Kramer's acerbic response:

i have been saying things like this and writing things like this, about HRC, (then HRCF) since the beginning of hiv in 1981 when i discovered-- really fast! -- how useless they were in our fights against this plague.

who gives a flying fuck what this still useless organization says at its hastily summoned emergency meetings, all camouflage to make the world think they are doing something.


it is just a big bunch of stupid people running a big machine that sucks money from uneducated naive donors and then throws it away. every time i see the letters HRC i want to puke. they could be so wonderful and they are such a waste.

god help the gay population because HRC won't. if they disappeared tomorrow we would be better off. we might even have won against proposition 8.
s/larry kramer

Wednesday, June 24, 2009

Republicon Foreign Policy



Tuesday, June 23, 2009

Today in Gay History

Turing (1912-1954)


It would be difficult to overestimate the importance to the modern world of the mathematical, philosophical, and cryptographic work of Alan Mathison Turing. A gifted mathematician, Turing is remembered today as one of the founders of computer science.

The gay and lesbian community remembers Turing not only for his work on computers and the cracking of the Enigma machine code during World War II, but also because of his needless, horrific death. He committed suicide at the age of 41, two years after his arrest, conviction, and forced chemical castration for a homosexual encounter. Though he died at an early age, a victim of British homophobia, he had already created whole new ways of thinking about computers, biology, minds, and humanity.

. . .

In 1948, Turing had accepted a position as Deputy Director of the Royal Society Computing Laboratory at the University of Manchester and moved to that city, where he soon became involved with a young working class man, Murray Arnold, who would later burglarize his home.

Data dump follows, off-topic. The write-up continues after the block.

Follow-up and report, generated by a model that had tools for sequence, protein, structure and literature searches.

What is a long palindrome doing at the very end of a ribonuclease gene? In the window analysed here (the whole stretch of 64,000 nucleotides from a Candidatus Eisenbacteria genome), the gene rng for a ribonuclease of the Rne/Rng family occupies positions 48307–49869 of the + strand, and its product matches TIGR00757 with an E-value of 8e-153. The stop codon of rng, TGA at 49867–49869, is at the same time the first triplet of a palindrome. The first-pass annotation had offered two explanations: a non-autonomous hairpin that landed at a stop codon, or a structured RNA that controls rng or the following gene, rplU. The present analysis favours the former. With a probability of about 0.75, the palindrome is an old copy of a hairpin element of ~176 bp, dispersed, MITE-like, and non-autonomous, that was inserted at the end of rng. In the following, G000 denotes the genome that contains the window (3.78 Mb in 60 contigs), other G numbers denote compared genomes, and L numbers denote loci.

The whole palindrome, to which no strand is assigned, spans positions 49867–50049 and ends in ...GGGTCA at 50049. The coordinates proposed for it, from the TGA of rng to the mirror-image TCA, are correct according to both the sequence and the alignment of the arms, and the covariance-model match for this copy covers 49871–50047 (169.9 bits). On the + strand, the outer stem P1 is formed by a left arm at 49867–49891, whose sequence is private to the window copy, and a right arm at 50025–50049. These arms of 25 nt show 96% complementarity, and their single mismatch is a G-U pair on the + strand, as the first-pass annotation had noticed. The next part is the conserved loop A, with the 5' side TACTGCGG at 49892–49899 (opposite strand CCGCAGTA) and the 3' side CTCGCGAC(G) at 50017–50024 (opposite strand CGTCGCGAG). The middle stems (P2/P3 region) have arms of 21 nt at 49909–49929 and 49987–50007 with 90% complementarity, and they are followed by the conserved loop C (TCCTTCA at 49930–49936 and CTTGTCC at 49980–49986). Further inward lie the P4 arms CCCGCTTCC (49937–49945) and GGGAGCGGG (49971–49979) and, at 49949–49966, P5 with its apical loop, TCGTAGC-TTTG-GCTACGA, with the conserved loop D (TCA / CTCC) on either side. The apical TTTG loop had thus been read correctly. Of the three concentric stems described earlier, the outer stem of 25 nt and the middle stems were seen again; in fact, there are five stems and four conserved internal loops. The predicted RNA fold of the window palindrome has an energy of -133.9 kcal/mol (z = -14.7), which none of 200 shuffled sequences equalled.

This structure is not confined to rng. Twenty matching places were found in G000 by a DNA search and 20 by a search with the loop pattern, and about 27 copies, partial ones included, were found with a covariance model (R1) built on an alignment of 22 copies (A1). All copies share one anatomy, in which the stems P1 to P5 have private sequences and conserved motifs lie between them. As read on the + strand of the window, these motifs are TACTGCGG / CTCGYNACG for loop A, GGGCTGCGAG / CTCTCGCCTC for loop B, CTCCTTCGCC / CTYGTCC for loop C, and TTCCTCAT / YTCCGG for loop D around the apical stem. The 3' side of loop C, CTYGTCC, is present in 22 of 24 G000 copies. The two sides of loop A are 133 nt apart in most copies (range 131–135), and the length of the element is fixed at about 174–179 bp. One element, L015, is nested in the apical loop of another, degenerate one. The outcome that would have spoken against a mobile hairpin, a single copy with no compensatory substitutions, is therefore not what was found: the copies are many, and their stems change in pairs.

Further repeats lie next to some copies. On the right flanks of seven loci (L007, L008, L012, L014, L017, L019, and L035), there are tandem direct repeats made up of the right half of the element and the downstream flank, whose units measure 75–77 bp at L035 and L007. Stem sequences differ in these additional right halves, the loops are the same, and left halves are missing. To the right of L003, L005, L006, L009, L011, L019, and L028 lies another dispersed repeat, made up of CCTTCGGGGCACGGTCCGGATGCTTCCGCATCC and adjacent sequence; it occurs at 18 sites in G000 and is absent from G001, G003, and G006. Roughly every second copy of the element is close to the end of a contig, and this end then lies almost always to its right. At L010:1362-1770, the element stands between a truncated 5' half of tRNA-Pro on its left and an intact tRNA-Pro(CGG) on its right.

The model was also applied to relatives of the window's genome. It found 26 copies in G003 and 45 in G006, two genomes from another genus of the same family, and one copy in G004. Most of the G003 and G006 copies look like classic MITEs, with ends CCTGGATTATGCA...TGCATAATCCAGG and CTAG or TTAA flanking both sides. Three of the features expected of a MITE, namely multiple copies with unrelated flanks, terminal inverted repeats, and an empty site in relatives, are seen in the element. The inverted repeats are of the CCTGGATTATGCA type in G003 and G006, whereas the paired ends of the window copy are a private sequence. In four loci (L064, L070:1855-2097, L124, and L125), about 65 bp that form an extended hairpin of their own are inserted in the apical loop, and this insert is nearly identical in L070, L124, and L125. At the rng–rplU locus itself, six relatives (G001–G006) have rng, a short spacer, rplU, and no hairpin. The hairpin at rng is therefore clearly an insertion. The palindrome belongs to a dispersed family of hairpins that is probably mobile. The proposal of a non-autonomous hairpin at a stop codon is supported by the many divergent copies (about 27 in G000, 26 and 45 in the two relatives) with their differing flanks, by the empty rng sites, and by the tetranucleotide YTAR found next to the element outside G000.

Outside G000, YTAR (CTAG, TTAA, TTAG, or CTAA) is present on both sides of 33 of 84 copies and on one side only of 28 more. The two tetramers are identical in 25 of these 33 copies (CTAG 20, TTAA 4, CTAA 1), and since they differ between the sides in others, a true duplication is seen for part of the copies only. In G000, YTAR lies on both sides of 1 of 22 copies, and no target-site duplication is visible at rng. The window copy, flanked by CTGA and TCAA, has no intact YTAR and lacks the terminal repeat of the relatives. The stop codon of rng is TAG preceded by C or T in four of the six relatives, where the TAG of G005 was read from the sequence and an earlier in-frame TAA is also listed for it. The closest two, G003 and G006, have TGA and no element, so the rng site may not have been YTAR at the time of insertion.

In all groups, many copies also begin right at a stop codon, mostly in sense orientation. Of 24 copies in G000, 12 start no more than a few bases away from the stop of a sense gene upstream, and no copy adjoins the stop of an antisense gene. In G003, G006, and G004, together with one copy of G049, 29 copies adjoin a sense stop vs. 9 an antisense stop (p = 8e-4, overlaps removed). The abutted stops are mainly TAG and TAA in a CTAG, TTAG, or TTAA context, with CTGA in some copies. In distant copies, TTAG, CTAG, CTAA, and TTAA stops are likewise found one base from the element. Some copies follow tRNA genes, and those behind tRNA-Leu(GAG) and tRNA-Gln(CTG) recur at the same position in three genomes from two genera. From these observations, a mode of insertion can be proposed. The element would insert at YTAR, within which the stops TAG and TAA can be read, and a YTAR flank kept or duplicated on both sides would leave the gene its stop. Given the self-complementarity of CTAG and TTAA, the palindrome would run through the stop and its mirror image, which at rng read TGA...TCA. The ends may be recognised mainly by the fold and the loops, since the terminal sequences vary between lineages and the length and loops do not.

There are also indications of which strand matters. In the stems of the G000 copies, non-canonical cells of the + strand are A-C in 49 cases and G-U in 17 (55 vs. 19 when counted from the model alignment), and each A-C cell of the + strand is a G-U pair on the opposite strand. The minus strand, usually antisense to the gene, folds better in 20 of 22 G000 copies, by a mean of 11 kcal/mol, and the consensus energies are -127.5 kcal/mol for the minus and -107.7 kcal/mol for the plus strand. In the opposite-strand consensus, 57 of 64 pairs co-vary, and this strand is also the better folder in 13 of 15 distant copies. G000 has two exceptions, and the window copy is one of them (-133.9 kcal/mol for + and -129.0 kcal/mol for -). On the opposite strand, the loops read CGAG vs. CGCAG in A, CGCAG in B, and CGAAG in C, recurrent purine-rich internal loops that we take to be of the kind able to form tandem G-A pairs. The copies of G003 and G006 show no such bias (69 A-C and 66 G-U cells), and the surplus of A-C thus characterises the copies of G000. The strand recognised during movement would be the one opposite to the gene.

After reporting the burglary, Turing was arrested and prosecuted for what was then known under British law as "Gross Indecency," a section of the Criminal Law Amendment Act of 1885 (also known as the Labouchère Amendment), under which Oscar Wilde had also been charged in 1895.

Turing was offered a stark choice: go to prison or submit to the administration of the hormone estrogen. This procedure was known as "organo-therapy," a form of aversion therapy designed to destroy his sex drive. It was a type of chemical castration.

The administration of the female hormone left Turing impotent. He also developed breasts. Two years after his arrest, and one year after this coerced and barbaric "therapy," Alan Turing used cyanide to kill himself.

He left no note, and the circumstances of his death were inadequately investigated and perhaps left deliberately murky to spare his mother anguish. She believed his death to be accidental. Most commentators believe, however, that he committed suicide by eating an apple smeared with cyanide-laced jam.


Monday, June 22, 2009

Stand Out Story of the Week


Sunday, June 21, 2009

Anyone can be a father, but it takes someone special to be a DADDY!
Happy Father's Day to all the Daddies in the World!!